Facebook blocks the Spinner's 'brainwashing' tech

Facebook blocks the Spinner's 'brainwashing' tech
  • Clock-gray 19:15
  • calendar-gray 17 January 2020

Facebook has issued a cease and desist notice to an Israeli firm that claims to be able to subconsciously alter people's behaviour, APA reports citing BBC.

The Spinner charges a fee to "subconsciously influence" targets by exposing them to online posts "disguised as editorial content".

But Facebook has objected to the start-up using its services to achieve this.

And the tech giant has barred the firm and its chief from using Facebook or Instagram for any reason.

In response, the Spinner's co-founder and chief operating officer Elliot Shefler told the BBC that it would continue to sell targeted online campaigns and refused to rule out using Facebook in the future.

To do this, it shows dozens of articles about the issue to targets over a period of months via the internet, including in their social media feeds.

Facebook's law firm Perkins Coie has sent a letter to Mr Shefler to complain.

"It appears that the Spinner uses fake accounts and fake Facebook Pages to 'strategically bombard' Facebook users with advertisements," it reads.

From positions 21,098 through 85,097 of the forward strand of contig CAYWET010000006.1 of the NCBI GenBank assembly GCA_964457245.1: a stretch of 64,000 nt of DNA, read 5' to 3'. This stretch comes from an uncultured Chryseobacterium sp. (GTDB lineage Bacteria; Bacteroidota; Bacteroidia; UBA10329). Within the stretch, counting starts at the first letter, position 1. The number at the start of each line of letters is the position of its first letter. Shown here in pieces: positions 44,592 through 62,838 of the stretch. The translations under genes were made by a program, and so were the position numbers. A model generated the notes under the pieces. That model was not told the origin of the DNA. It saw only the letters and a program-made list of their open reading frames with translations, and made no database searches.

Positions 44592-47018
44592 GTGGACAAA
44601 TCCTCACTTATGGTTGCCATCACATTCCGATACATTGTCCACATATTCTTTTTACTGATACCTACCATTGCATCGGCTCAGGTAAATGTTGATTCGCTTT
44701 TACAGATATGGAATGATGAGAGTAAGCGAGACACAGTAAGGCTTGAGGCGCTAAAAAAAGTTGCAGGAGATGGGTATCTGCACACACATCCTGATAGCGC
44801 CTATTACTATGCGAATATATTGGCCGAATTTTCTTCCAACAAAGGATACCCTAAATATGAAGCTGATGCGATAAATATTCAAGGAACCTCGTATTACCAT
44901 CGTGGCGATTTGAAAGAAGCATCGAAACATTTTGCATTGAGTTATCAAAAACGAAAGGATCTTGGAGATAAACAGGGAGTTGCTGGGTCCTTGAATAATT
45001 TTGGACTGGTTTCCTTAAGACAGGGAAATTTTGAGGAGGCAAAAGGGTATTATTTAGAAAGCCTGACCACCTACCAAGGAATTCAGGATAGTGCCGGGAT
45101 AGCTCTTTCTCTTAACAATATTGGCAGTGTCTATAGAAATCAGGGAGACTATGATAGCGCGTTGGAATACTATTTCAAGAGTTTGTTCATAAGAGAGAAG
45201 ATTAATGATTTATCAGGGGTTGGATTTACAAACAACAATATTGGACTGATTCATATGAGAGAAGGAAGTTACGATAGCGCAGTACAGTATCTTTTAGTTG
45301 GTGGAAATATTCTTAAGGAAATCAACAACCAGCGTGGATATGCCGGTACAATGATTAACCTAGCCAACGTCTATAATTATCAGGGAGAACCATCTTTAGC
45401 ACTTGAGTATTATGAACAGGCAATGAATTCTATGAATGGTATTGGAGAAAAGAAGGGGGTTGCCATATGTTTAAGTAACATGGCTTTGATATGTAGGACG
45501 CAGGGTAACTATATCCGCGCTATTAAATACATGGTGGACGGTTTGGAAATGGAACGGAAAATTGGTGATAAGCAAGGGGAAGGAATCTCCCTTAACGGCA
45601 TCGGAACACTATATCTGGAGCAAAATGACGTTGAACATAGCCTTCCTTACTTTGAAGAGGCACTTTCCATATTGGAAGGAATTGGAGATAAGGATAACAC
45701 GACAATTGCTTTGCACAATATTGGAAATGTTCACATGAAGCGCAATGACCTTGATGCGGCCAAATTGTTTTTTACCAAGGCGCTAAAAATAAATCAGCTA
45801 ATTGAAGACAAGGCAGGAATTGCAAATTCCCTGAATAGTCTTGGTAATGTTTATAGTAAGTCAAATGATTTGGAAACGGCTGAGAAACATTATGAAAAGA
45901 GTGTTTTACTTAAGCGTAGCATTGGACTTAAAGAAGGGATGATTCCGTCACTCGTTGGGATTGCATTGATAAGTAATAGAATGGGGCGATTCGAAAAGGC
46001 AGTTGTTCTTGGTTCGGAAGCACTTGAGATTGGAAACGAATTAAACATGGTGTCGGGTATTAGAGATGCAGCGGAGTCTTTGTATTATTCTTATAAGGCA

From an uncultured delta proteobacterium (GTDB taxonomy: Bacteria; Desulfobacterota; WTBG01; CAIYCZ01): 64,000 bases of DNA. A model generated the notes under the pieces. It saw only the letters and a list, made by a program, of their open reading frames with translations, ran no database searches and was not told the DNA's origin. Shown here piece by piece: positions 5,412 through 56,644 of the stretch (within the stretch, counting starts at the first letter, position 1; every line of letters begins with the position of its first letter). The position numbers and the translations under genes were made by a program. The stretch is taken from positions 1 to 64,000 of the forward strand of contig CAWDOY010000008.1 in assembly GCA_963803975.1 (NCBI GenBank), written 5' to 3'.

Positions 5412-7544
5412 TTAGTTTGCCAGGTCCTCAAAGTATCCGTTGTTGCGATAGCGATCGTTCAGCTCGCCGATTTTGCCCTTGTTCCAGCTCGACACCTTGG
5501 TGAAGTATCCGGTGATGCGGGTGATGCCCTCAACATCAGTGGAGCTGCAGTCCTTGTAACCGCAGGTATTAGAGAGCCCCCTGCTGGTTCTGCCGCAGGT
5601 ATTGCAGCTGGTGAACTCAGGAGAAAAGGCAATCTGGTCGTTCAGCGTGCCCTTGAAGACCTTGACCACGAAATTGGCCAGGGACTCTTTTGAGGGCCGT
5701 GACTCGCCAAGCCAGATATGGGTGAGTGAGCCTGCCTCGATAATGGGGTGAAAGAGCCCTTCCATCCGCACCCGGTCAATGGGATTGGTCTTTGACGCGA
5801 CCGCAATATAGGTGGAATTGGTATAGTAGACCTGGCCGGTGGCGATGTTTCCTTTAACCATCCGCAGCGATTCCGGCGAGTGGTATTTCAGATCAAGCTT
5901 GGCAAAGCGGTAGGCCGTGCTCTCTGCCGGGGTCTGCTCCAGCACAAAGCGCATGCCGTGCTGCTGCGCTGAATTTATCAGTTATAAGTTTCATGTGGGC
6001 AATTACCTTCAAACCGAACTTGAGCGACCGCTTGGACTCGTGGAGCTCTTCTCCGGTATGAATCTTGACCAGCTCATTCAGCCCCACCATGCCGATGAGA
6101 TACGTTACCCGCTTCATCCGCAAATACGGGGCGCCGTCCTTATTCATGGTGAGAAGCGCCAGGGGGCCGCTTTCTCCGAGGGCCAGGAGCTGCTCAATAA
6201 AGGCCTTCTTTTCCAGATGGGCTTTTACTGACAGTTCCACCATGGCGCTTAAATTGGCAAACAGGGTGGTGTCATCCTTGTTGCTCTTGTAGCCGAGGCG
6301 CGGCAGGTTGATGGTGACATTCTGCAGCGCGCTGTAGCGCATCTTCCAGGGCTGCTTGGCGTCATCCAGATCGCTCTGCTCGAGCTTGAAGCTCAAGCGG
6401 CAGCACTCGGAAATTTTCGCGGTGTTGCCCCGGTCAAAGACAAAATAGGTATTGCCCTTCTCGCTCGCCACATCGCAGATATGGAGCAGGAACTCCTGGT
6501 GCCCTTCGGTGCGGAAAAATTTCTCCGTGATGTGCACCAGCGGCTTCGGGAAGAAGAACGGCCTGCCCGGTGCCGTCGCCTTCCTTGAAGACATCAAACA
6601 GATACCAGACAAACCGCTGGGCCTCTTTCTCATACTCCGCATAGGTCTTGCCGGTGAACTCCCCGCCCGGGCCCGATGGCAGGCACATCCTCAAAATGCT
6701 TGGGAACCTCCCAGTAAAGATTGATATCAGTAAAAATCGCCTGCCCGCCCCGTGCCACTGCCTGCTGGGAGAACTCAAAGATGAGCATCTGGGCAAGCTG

"These activities violate Facebook's terms and advertising policies. Facebook demands that you stop this activity immediately."

The Californian firm told the BBC that it had already removed the Spinner's accounts.

"We have no tolerance for bad actors that try to circumvent our policies and create bad experiences for people on Facebook," a spokesman said.

Mr Shefler pointed out that the Spinner had bought advertising slots on Facebook for more than a year, and each of its ads had been reviewed and approved.

Facebook uses both humans and automated software to vet ads submitted via its self-service tools.

But Mr Shefler added: "The Spinner's ability to deliver content to targeted users is not dependent on any specific social account or page. It's a concept."


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